v. Enhancing systemic consistency:
In view of the atomised, multi-faceted and multi-layer nature of the IIA regime, the key challenge of reform is to avoid further fragmentation of the system. This includes holistic addressing gaps, overlaps and inconsistencies across three dimensions of policymaking: among IIAs, among IIAs and other instruments of international law and between IIAs and Domestic policies.
B. Phase 2 of International Investment Agreement Reform: Modernizing the existing stock of IIAS.
i. Taking stock of reform:
International Investment Agreement Reform has made significant progress in the past few years. Sustainable Development has enriched international investment policymaking to another level. Since 2012, over 150 countries have undertaken at least one action in the pursuit of sustainable development-oriented IIAs.
ii. Three reasons for Phase 2 of IIA Reform:
Despite getting an ample amount of progress in Phase 1 of IIA Reform, their requires to modernizing the existing stock of IIAs by imposing new and more far-reaching treaties overstate, which broadens the scope of covered investments or introduces more far-reaching investor protections. It has been done through 3 reasons:
a. Old Treaties abound: The older treaties contained broadly worded, similar and substantive provisions and very few provisions, therefore, there was a need to abound the old treaties.
b. Old treaties “bite”: As the old treaties are broad and vague formulations, the recent experienced countries with ISDS called it so and demanded for change.
c. Old treaties perpetuate inconsistencies: Their continued existence creates overlaps and fragmentation in treaty relationships as well as interaction challenges within the IIA network, and between IIAs and other areas of international policymaking.
iii. Challenges and Choices:
The challenge that the policymaker has faced while choosing among reform mechanisms are:
- Most Favoured Nation Clause which is basically, aimed to prevent the nationality-based discriminations. For the existing IIAs, MFN related challenges are joint interpretation, amendment, management of treaty relationships and replacement.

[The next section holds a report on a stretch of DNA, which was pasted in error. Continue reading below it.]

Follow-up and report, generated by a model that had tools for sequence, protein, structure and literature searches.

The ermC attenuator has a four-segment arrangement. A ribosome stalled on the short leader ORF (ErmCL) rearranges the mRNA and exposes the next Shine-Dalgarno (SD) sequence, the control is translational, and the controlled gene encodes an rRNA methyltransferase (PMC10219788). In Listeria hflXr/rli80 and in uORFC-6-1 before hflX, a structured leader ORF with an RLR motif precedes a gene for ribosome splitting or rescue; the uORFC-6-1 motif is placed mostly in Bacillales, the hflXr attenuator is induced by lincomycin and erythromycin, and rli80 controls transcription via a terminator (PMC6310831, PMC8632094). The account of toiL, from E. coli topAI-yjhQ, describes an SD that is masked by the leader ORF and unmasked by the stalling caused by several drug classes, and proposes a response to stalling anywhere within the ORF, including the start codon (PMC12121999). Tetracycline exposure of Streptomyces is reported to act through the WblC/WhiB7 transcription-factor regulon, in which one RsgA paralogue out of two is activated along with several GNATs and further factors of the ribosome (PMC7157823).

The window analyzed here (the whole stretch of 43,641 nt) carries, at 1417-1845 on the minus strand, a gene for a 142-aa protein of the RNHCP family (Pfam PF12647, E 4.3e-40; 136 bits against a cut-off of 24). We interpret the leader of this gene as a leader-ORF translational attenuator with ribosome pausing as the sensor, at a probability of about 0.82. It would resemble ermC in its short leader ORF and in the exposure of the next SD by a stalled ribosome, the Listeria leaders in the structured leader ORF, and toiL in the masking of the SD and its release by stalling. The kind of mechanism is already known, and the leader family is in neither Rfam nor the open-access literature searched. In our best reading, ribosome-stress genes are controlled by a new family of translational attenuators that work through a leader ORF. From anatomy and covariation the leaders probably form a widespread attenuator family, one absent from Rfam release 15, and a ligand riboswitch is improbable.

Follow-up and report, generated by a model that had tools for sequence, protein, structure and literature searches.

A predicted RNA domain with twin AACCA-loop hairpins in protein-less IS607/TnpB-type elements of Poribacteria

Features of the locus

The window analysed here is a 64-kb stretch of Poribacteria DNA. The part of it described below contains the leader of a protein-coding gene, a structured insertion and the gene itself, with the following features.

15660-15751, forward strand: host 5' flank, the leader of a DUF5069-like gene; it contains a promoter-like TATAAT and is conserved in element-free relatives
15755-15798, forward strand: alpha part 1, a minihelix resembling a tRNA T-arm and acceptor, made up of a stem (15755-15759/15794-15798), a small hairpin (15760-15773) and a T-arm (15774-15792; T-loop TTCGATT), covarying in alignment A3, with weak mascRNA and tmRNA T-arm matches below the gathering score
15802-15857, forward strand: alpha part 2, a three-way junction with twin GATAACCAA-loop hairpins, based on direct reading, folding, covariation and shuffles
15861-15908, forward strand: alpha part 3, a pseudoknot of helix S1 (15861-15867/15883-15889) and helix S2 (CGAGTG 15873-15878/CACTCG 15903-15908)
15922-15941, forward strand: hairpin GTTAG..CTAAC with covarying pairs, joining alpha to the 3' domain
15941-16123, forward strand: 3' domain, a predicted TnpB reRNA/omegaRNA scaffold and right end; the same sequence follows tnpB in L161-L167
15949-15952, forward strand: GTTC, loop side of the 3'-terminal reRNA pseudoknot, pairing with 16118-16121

- Survival Clause, in which most of the Bilateral Investment Treaties are designed in such a manner where treaty application to extend the period further even after termination from the range of 5 to 20 years were made.
- Transition Clause, effectively modifies the operation of the survival clause in the “outgoing” treaty; they are particularly relevant for reform options that replace old treaties, including through consolidation.
C. Phase 3 of International Investment Agreement Reform: Improving Investment Policy Coherence and Synergies.
i. Improving investment policy coherence and synergies:
In addition, to improve the approach of the new treaties and modernize the existing treaties, the government needs to strengthen the coherence and synergies of investment policy.
ii. Maximizing synergies between the IIA Regime and the national legal framework for investment:
Strengthening of cooperation between national and international investment policymakers, improving interaction and ensuring cross-fertilization between two regimes are crucial tasks for countries striving to create a mutually supporting, sustainable development-oriented investment policy regime.
iii. Managing the interaction between IIAS and other bodies of International law affecting investment:
In line with the current imperative of SDG, the IIA reform should consider the interaction between IIAs and other international bodies affecting investment. The IIA reform may help avoid conflict and maximize synergies, through simpler treaty drafting, exemptions in IIAs and guidance on the interpretation of IIA provisions.
iv. Dynamics of policymaking: flexibility and policy space:
The policies drafted should always be in such a way that it could co-exist with flexibility and policy space as it is beneficial for both national and international legal frameworks for investment which could lead to differential levels of developments.
The IIA reform is well underway across all regions, and many countries and regional groupings are in the process of reviewing, reforming and revising their IIAs, often on the basis of UNCTAD’s Investment Policy Framework and its earlier guidance on reform of the IIA regime.
 “Trends in International Investment Agreements: An Overview”; UNCTAD Series on issues in international investment agreements; United Nation New York and Geneva, 1999; UNCTAD/ITE/IIT/13 UNITED NATIONS PUBLICATION; page 1.
 “UNCTAD’S Reform Package for the International Investment Regime”; United Nation New York and Geneva 2018, 2018 edition; page 7.
 “INTERNATIONAL INVESTMENT ARRANGEMENTS: Trends and Emerging Issues”; UNCTAD Series on International Investment Policies for Development; UNITED NATIONS New York and Geneva, 2006.
 “UNCTAD’S Reform Package for the International Investment Regime”; United Nation New York and Geneva 2018, 2018 edition; page 64
 Ibid, page 68
 Ibid, page 70
 “UNCTAD’S Reform Package for the International Investment Regime”; United Nation New York and Geneva 2018, 2018 edition; page 77
This Article is Authored by Nidhi Mishra, LL.M. at ILS Law College, Pune.